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Image of FIGURE 2
FIGURE 2

Ebola virus hemorrhagic fever. (A) Section of liver showing hepatocellular necrosis and numerous intracytoplasmic, eosinophilic Ebola virus inclusions, as well as sinusoidal dilatation and congestion. Hematoxylin and eosin stain; original magnification, ×250. (B) Several Ebola virus inclusions are seen in this thin-section electron micrograph of liver. The inclusions consist of viral nucleocapsids mostly seen in longitudinal section. Numerous viral particles are also seen in sinusoidal spaces. Scale bar, 100 nm. (Courtesy of C. S. Goldsmith.)

Citation: Rollin P, Nichol S, Zaki S, Ksiazek T. 2011. Arenaviruses and Filoviruses, p 1514-1529. In Versalovic J, Carroll K, Funke G, Jorgensen J, Landry M, Warnock D (ed), Manual of Clinical Microbiology, 10th Edition. ASM Press, Washington, DC. doi: 10.1128/9781555816728.ch95
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Image of FIGURE 3
FIGURE 3

(A) By use of immunohistochemistry, abundant Ebola virus antigens (in red) are seen in the lymph node of a pig infected by Ebola Reston virus. Original magnification, ×158. (B) Skin showing massive viral burden as seen in this section immunostained for Ebola virus antigens; original magnification, ×50. (Immunoalkaline phosphatase staining, naphthol fast red substrate with light hematoxylin counterstain.)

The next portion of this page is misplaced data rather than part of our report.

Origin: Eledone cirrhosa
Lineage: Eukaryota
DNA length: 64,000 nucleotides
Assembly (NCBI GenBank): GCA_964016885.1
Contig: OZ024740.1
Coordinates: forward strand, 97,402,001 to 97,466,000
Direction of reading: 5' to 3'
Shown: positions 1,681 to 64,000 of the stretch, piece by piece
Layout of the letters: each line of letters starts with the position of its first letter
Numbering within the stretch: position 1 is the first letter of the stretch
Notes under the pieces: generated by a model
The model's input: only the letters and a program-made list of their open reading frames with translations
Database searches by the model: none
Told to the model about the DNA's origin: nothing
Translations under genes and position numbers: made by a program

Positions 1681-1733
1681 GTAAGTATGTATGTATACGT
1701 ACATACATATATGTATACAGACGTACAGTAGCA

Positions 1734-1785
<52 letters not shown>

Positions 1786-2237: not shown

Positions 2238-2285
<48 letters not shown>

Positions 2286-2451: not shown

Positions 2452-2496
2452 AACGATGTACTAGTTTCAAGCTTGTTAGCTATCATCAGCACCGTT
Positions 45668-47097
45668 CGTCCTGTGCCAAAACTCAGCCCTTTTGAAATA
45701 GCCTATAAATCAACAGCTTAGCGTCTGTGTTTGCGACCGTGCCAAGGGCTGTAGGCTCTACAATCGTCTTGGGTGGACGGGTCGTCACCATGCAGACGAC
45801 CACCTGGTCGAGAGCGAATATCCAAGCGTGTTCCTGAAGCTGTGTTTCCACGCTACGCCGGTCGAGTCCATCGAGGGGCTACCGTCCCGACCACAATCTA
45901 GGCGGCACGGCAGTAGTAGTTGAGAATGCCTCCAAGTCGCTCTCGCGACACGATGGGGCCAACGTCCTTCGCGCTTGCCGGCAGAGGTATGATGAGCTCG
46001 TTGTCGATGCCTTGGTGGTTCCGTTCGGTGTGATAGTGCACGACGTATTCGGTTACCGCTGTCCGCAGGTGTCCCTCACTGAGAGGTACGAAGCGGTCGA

Citation: Rollin P, Nichol S, Zaki S, Ksiazek T. 2011. Arenaviruses and Filoviruses, p 1514-1529. In Versalovic J, Carroll K, Funke G, Jorgensen J, Landry M, Warnock D (ed), Manual of Clinical Microbiology, 10th Edition. ASM Press, Washington, DC. doi: 10.1128/9781555816728.ch95
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Image of FIGURE 4
FIGURE 4

By use of immunohistochemistry, abundant virus antigens are seen within the cytoplasm of hepatocytes and sinusoidal lining cells in the liver of patients infected by Lassa virus (original magnification, ×158) (A); by Lujo virus (original magnification, ×158) (B); and by LCM virus (transplant patient) (original magnification, ×50) (C). (Immunoalkaline phosphatase staining, naphthol fast red substrate with light hematoxylin counterstain.)

Citation: Rollin P, Nichol S, Zaki S, Ksiazek T. 2011. Arenaviruses and Filoviruses, p 1514-1529. In Versalovic J, Carroll K, Funke G, Jorgensen J, Landry M, Warnock D (ed), Manual of Clinical Microbiology, 10th Edition. ASM Press, Washington, DC. doi: 10.1128/9781555816728.ch95
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Tables

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TABLE 1

Currently recognized arenaviruses and filoviruses and associated human diseases

Citation: Rollin P, Nichol S, Zaki S, Ksiazek T. 2011. Arenaviruses and Filoviruses, p 1514-1529. In Versalovic J, Carroll K, Funke G, Jorgensen J, Landry M, Warnock D (ed), Manual of Clinical Microbiology, 10th Edition. ASM Press, Washington, DC. doi: 10.1128/9781555816728.ch95